The basement’s location makes such drainage systems crucial in keeping the house in good condition because a basement takes on more water than any other room. Installing a basement floor drain may not be enough to prevent water leaks or flooding, but it prevents water from pooling in the room. That is why any house without a basement wall drainage system is at a higher risk of being damaged by excess moisture.
So how does a basement drain system work?
Such systems serve as an outlet for excess water to be redirected away from the basement. The water source could be heavy rain, HVAC unit condensation, or leaking water heaters, but a drainage system will keep moisture from the basement. Several types of basement floor drains exist for your selection. Examples are sump pumps, French drains, exterior drain tiles, and floor drains.
But will a French drain prevent water in the basement? Yes. Such drainage systems keep water from seeping into the basement, but other waterproofing measures should accompany them.
Water can pool against your home during heavy rainfall, or can run down your wall and cause too much groundwater pressure against your walls. Exterior drainage systems can be installed in order to prevent this from happening.
Leaks and damp can also find its way into the inside of your basement via various points of entry, or through the walls themselves. With our interior basement drainage systems this water can be properly controlled, and channeled discreetly out of your home, and away from the property. The systems can be used to ensure that water never pools in your basement or foundation walls.
We can install drainage systems as a stand along water control solution, or as part of an overarching waterproofing solution.
We advise homeowners to choose suitable types of basement floor drains before calling us for installations to guarantee longevity and optimal effectiveness. In addition to the basement wall drainage system, we can help you with dehumidifier installation and waterproofing applications to boost protection in your house.
So, which basement waterproofing system is best? Check out the information below to find out.
Every basement flooding is different according to the origin of the floods and the type experienced. For instance, flooding that starts at the cove joint – the intersection between the wall and the floor – will not be the same as the one from the floor. In most cases, cove-joint flooding is caused by a build-up of hydrostatic pressure. It happens when the dirt around the basement expands and increases precipitation. As the water levels rise underneath the basement floor, the foundation experiences excess pressure, forcing water to seep through.
An interior perimeter basement drain system prevents such problems. It ensures the water is gathered and redirected to the sump pump, keeping your basement dry throughout the year.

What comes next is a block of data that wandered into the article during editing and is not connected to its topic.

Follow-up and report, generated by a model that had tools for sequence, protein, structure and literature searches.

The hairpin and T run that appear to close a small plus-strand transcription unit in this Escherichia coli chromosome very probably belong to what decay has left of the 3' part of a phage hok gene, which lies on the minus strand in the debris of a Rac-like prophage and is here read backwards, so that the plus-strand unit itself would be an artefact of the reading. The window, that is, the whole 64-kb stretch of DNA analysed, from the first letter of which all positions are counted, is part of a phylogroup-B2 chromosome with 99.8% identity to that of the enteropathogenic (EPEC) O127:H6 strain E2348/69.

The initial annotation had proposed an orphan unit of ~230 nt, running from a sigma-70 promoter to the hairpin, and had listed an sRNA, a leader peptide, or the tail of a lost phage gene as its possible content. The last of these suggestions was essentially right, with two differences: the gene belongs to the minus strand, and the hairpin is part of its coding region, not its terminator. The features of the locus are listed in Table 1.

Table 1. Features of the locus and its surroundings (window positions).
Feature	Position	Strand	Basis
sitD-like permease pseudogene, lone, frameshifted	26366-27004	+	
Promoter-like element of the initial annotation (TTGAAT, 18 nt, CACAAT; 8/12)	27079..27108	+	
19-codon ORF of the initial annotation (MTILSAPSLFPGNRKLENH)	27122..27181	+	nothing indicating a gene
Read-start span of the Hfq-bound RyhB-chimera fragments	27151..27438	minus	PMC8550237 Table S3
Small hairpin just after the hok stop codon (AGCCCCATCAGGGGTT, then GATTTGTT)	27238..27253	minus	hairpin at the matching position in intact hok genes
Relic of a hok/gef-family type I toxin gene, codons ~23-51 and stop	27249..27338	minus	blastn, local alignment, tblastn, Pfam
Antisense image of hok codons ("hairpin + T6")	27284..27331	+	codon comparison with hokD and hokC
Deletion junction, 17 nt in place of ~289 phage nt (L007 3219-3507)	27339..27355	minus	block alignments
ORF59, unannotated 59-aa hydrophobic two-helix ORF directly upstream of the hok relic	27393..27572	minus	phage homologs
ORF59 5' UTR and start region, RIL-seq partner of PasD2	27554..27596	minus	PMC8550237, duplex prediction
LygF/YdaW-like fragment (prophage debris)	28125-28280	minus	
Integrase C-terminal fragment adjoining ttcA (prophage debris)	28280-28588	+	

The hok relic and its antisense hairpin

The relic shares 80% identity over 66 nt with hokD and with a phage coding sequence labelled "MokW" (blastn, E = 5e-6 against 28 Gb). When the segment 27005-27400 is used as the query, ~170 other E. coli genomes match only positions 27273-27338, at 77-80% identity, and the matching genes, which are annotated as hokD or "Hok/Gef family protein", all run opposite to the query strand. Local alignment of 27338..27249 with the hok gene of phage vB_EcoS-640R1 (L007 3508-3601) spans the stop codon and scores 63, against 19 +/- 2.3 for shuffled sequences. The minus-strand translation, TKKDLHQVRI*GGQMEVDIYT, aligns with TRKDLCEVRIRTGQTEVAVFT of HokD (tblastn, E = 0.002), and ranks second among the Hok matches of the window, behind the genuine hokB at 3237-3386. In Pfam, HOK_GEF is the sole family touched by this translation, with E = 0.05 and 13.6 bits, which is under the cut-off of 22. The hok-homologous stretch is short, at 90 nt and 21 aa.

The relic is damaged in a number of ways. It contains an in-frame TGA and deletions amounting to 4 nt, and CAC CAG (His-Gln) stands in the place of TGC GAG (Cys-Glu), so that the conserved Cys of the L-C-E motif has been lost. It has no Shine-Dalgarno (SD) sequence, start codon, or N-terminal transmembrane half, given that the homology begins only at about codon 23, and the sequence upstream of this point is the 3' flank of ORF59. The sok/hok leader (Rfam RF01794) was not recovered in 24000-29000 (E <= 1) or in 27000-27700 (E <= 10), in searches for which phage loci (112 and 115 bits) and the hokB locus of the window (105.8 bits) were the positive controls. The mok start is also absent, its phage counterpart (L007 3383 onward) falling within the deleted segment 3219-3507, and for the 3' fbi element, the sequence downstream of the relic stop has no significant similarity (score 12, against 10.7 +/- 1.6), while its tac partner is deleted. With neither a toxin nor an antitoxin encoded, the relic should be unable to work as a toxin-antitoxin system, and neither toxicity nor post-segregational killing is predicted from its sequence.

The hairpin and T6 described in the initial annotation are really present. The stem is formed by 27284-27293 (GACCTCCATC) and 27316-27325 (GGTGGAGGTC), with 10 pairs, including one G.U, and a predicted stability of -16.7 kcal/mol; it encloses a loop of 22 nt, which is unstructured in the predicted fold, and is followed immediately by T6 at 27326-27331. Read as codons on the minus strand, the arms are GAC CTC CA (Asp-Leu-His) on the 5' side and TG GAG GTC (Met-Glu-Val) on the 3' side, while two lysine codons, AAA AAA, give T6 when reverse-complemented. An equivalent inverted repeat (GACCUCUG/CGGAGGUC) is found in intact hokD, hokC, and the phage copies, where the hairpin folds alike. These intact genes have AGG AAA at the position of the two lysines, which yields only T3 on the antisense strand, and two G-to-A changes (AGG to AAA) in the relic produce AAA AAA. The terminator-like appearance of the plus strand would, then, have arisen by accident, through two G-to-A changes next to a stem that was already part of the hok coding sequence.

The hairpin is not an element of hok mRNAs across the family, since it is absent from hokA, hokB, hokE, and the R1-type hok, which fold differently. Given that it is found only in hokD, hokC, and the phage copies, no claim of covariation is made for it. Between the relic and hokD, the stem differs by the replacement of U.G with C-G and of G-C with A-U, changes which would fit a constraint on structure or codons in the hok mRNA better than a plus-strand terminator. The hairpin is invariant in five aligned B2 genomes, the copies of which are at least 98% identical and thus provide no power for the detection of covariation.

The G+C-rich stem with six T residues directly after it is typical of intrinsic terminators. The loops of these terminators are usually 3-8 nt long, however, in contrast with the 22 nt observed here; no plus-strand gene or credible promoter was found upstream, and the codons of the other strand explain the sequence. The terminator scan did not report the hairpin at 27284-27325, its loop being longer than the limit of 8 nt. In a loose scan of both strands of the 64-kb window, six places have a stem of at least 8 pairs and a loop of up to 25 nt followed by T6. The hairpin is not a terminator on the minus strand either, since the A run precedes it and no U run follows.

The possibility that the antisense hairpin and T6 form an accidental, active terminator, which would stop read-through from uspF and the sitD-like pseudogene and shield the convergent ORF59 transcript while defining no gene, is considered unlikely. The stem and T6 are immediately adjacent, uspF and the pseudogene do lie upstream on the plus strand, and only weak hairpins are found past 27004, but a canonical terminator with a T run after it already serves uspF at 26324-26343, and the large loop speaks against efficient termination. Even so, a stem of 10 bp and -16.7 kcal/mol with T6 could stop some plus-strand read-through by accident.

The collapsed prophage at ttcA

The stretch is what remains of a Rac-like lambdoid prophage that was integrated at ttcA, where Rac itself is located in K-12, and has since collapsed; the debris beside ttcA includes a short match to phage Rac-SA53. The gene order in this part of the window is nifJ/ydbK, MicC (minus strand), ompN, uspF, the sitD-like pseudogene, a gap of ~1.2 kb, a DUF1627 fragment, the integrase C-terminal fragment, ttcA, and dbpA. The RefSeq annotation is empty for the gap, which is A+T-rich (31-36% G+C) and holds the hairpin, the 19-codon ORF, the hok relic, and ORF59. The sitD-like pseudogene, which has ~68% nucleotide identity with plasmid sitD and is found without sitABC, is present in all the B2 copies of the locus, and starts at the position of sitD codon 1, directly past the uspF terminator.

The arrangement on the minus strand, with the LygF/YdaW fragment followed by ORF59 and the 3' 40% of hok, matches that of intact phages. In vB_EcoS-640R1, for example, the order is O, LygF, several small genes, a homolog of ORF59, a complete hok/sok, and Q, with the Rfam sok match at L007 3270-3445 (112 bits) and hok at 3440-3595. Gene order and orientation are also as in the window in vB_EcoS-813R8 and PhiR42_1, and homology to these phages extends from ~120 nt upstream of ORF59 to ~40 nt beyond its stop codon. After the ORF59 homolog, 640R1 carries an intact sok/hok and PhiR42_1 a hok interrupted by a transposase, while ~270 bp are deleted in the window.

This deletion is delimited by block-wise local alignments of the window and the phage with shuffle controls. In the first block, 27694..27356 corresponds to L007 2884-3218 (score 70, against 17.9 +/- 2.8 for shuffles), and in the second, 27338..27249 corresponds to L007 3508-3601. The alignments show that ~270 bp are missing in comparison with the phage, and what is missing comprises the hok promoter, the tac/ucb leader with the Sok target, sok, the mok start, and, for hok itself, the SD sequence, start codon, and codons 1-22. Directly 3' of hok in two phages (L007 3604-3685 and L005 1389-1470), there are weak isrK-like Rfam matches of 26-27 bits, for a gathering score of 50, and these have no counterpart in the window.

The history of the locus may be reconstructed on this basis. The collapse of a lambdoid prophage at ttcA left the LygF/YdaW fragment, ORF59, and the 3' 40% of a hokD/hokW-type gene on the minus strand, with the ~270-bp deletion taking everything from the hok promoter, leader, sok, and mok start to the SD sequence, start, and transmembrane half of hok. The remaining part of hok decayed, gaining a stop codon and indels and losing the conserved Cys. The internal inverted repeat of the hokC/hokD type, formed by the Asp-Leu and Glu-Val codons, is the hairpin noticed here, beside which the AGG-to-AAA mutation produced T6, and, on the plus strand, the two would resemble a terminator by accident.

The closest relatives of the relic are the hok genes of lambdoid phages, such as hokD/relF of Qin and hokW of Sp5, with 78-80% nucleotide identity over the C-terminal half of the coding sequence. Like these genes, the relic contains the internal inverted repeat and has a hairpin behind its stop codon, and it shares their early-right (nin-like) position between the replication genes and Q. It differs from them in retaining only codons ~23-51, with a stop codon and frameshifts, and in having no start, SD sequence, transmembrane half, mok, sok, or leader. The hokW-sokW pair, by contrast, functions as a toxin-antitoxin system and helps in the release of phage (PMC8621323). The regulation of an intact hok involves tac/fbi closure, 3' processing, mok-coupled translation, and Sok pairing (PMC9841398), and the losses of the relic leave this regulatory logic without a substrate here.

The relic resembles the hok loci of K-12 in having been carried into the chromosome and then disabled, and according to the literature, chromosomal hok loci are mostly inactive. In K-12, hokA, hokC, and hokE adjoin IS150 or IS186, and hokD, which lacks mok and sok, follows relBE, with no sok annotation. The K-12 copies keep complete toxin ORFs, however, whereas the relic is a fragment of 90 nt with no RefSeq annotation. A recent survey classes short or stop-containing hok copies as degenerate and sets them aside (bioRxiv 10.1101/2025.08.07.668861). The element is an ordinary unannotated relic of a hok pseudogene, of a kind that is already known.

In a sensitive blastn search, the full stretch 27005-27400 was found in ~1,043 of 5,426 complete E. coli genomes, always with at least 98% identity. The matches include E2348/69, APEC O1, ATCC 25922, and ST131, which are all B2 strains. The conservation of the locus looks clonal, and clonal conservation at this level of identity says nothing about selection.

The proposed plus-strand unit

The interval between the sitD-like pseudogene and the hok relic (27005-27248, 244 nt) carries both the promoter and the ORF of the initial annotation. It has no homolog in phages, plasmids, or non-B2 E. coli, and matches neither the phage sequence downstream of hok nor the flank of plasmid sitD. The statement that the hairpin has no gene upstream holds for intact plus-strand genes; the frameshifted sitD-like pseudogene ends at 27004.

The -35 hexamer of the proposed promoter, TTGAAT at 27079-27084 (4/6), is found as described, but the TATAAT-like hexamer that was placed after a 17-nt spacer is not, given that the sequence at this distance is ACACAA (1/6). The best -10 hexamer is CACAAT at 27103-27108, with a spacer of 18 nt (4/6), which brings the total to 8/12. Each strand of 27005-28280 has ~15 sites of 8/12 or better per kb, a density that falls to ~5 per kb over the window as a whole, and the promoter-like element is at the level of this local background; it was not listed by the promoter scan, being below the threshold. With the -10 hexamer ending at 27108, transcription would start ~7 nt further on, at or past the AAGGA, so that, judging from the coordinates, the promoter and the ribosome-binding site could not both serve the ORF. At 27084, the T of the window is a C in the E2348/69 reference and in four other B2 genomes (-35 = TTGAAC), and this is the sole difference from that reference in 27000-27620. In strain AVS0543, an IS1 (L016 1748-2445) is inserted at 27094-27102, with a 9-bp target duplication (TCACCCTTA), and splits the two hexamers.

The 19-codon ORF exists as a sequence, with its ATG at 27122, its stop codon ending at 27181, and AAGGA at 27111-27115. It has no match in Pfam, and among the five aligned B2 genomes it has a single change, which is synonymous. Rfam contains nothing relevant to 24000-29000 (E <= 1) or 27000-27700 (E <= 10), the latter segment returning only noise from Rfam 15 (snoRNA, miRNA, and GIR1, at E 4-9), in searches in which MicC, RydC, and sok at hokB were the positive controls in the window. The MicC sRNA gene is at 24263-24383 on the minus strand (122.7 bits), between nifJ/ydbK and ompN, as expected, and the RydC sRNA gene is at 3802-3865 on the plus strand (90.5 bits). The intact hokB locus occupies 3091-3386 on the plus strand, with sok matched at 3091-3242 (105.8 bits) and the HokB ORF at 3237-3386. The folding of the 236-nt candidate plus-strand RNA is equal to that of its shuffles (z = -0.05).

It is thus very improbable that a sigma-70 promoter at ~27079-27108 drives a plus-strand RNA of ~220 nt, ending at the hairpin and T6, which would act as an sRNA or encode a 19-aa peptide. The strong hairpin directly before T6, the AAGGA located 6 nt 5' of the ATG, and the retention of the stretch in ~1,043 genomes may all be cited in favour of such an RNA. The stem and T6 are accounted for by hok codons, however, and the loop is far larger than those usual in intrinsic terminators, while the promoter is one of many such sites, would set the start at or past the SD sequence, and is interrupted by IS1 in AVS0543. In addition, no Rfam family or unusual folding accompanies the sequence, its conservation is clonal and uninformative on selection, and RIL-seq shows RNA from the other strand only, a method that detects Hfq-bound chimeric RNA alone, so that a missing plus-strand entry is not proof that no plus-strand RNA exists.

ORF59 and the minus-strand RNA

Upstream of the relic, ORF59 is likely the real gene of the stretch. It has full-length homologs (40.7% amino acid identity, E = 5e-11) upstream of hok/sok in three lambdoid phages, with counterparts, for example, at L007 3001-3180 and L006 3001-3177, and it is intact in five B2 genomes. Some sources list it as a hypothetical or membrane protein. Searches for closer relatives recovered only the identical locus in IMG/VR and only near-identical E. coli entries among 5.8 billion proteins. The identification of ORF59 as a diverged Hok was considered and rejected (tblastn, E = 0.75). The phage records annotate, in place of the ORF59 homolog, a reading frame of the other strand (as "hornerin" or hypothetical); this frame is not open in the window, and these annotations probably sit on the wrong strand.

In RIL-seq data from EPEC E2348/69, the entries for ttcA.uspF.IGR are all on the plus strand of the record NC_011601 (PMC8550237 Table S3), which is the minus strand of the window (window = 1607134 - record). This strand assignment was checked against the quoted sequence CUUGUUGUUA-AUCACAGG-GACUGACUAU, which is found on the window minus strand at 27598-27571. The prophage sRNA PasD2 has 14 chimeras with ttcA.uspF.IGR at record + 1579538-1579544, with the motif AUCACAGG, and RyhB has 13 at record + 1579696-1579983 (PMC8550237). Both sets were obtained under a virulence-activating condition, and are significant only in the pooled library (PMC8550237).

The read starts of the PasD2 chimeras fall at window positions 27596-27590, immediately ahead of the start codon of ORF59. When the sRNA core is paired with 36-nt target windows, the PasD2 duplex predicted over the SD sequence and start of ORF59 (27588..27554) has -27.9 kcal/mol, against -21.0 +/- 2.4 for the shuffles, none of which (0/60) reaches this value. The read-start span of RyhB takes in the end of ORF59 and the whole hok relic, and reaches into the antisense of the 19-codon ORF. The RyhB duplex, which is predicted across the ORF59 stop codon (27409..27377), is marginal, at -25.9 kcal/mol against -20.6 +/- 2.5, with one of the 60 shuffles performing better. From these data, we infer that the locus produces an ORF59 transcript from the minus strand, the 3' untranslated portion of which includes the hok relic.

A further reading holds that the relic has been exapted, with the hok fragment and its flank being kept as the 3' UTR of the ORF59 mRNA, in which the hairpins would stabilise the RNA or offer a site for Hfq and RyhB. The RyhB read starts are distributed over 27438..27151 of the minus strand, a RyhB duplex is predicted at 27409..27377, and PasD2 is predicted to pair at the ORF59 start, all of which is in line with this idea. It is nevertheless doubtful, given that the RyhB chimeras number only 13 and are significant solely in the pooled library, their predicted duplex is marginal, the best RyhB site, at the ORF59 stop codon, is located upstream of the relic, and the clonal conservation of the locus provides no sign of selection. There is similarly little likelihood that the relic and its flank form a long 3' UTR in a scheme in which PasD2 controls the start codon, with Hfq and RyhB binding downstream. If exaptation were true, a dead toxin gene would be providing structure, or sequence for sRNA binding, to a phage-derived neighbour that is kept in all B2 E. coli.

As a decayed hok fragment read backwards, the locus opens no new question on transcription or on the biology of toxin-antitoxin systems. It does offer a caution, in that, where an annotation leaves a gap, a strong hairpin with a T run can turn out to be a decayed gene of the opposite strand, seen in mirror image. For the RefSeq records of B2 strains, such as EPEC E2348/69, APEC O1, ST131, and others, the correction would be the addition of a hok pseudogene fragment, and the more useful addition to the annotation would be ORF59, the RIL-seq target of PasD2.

Interior drain tile installation takes between 24 to 48 hours, depending on the size of the basement. A professional contractor must be present for the job. The process involves opening the basement floor to create space around the foundation, then installing the drainage pipes in a way that ensures they redirect the water to the right place. Next is securing the drain pipe in place. Finally, you can use a drainage fabric to secure the drains before refilling the opening.
Interior drain systems in the basements are permanent solutions. Therefore, they are better than temporary options that will require changing frequently. Still, to understand which basement waterproofing system is best, you must weigh the pros and cons.
Advantages of Interior Basement Drainage.
They are easy to install on new construction and homes that need renovations.
They are a permanent way of redirecting water to prevent internal leaks.
Disadvantages of Interior Basement Drainage.
Costs usually depend on the size of the house and the extent of the leaks, which can be expensive.
They only deal with water from the floors and that from the walls.
The exterior perimeter drain basement system is a better alternative to the interior one. It is essential if your area experiences high precipitation that could take a toll on the foundation and basement walls. By redirecting the water before it reaches your house, it prevents the excess moisture from getting to any cracks on the walls. The exterior drain tiles are a more effective protection option because of their ability to divert water before it gets to the basement.
The installation process usually starts with ground excavation around the foundation before wall membranes are put on the exterior walls. Next, a flexible and possibly perforated PVC pipe will be put in place and connected to the sump pump. Covering the pipe with gravel before filling dirt around the foundation is crucial.